Rightwing groups lead rallies nationwide against convicted murderer of Salmaan Taseer.
Thousands protested across Pakistan on Monday against the execution of a man hailed by hardline Islamists as a hero for killing a provincial governor who was seeking reform of the blasphemy law.
Protests against the hanging of Mumtaz Qadri were held in Karachi, Lahore, Islamabad and several smaller cities, with demonstrators burning tyres and chanting slogans. But most rallies dispersed peacefully after security was stepped up at flashpoints across the country of some 200 million, including in Rawalpindi where hundreds of supporters gathered at Qadri’s family home.
Qadri, a police bodyguard to Salmaan Taseer, shot the liberal Punjab governor 28 times at an Islamabad market in 2011. He said he was angry at the politician’s calls to reform the blasphemy law.
Blasphemy is a hugely sensitive issue in the Islamic republic, and Qadri was hailed as a hero by many conservatives eager to drown out calls to soften the legislation. Critics say the law, which carries the death penalty, is largely misused, with hundreds languishing in jails under false charges.
Analyst Hasan Askari said the next 24 hours would be “sensitive” for the government, adding that Islamabad had weighed the danger of mass violence against the need to “wash away the suspicion” of sympathy for militancy.
The biggest protest was held in Karachi on Monday afternoon, with around 7,000 people taking to the streets. In Lahore, around 1000 people protested, while hundreds others demonstrated in Pakistan-administered Kashmir, Peshawar, Multan, and other smaller cities. Up to 900 people demonstrated in Quetta.
Qadri was hanged in Rawalpindi’s Adiala jail early Monday, said senior local police official Sajjid Gondal. National media played down news of the execution and the protests on orders of the government, two senior anchors told AFP.
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Mosques near Qadri’s family home broadcast the news, with cries heard from inside the house as hundreds of mourners arrived. The funeral is expected to be held today.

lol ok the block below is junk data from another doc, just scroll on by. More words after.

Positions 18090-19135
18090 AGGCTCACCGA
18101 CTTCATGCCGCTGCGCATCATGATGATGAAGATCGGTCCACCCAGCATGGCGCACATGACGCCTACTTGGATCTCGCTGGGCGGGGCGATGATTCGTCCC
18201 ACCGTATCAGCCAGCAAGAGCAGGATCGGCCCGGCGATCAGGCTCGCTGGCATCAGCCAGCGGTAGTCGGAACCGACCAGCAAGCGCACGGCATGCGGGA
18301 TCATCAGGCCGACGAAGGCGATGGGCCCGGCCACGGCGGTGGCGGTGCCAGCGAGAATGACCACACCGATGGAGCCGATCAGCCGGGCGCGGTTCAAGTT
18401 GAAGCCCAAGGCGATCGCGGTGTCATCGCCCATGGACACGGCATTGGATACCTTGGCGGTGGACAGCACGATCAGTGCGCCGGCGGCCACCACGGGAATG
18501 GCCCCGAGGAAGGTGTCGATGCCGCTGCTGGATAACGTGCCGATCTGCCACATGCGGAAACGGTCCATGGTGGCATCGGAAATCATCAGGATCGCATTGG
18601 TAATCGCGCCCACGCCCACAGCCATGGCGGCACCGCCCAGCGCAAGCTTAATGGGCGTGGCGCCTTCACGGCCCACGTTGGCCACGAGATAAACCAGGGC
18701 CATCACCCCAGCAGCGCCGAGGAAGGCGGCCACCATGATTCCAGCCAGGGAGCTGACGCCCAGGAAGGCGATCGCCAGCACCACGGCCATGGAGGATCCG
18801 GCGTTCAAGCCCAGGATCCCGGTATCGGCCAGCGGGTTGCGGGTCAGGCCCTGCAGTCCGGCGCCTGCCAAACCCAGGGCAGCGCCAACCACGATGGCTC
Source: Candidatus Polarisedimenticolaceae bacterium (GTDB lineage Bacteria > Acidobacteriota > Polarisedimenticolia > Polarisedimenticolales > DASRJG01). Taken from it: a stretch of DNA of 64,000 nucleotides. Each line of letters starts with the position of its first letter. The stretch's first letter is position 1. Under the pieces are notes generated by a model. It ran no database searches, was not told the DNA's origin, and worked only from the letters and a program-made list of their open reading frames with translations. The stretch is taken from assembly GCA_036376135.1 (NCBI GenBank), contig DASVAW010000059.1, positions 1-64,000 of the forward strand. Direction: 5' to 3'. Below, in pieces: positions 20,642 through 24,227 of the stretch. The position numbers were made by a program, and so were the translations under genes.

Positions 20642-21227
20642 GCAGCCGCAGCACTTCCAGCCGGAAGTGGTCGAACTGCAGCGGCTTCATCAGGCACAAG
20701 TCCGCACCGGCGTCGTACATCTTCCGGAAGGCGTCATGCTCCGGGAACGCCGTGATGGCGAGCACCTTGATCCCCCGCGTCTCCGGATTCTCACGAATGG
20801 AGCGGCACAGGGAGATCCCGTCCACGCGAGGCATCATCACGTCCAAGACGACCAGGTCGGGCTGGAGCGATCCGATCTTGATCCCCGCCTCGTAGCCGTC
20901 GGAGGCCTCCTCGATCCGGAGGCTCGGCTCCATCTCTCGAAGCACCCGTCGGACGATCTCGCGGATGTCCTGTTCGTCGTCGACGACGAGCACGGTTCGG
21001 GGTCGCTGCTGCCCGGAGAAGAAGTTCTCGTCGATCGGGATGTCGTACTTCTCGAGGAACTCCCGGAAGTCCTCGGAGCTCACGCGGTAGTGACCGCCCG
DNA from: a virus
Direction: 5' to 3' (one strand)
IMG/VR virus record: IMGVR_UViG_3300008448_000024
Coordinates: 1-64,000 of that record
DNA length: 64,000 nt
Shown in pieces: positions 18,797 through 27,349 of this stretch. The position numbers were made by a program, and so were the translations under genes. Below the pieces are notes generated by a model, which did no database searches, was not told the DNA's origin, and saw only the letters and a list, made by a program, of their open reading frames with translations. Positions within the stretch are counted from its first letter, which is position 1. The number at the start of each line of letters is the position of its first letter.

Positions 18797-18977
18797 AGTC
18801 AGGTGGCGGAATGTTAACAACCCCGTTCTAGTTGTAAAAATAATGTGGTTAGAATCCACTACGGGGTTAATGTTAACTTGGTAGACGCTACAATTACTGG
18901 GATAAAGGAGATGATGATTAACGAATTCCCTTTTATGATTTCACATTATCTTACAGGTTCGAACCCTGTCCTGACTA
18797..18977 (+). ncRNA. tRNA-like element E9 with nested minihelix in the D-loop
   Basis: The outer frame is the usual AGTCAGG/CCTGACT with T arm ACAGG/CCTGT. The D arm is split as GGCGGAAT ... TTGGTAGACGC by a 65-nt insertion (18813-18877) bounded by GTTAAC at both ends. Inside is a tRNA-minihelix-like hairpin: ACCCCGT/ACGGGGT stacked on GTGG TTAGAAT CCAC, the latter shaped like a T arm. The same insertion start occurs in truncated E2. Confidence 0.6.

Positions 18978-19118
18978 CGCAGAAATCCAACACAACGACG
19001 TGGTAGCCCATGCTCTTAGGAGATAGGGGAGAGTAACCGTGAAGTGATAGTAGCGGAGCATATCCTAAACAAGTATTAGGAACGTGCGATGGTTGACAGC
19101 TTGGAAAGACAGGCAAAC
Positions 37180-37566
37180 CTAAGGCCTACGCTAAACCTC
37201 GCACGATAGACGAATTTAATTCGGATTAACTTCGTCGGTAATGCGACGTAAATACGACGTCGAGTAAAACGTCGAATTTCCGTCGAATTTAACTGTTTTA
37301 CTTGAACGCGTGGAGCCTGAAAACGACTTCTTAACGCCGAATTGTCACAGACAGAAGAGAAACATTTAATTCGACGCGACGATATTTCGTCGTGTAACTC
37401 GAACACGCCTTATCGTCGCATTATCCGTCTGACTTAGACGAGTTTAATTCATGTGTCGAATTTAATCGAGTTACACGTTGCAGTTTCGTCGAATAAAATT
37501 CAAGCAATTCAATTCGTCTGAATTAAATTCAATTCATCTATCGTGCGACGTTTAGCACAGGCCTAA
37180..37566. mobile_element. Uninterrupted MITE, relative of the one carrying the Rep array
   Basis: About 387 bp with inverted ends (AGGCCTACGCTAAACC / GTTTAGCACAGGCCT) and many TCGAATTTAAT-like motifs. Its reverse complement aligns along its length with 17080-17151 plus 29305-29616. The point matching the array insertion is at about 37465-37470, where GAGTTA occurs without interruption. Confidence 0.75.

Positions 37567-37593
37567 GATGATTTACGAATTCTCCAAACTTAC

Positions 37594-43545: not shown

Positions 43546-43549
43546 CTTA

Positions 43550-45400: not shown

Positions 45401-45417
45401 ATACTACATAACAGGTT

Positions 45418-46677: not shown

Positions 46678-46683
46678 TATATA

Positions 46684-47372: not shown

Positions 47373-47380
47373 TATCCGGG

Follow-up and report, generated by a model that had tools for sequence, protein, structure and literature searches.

“I have no regrets,” said Qadri’s brother Malik Abid, tears rolling down his cheeks, while women chanted nearby. He said the family had been called to the prison Sunday evening by officials who said Qadri was unwell. But when they arrived, Qadri greeted them with the news that authorities had deceived them and that his execution was imminent.
“I am proud of the martyrdom of my son,” said Qadri’s father Bashir Awan, adding he was ready to sacrifice all five of his other sons “for the honor of [Islam’s] Prophet.”
Taseer’s son Shehryar said on Twitter the hanging was a victory for Pakistan, but not for his family. “The safe return of my brother is the only victory my family wants,” he wrote, referring to his sibling Shahbaz Taseer, who was kidnapped in 2011—reportedly by the Taliban.
As well as calling for blasphemy law reform, Taseer had been vocal in his support of Aasia Bibi, a Christian woman who has been on death row since 2010 after being found guilty of blasphemy.
Qadri’s lawyers drew on Islamic texts to argue that he was justified in killing Taseer, saying that by criticizing the law the politician was himself guilty of blasphemy. That argument was rejected by the Supreme Court, which in December upheld the death sentence, sparking rallies.
Pakistan ended a six-year moratorium on the death penalty in December 2014. Last month authorities announced they had executed 332 people since then.
Rights group Amnesty International condemned the execution. “The death penalty is always a human rights violation, regardless of the circumstances or nature of the crime,” said the group’s South Asia regional director, Champa Patel.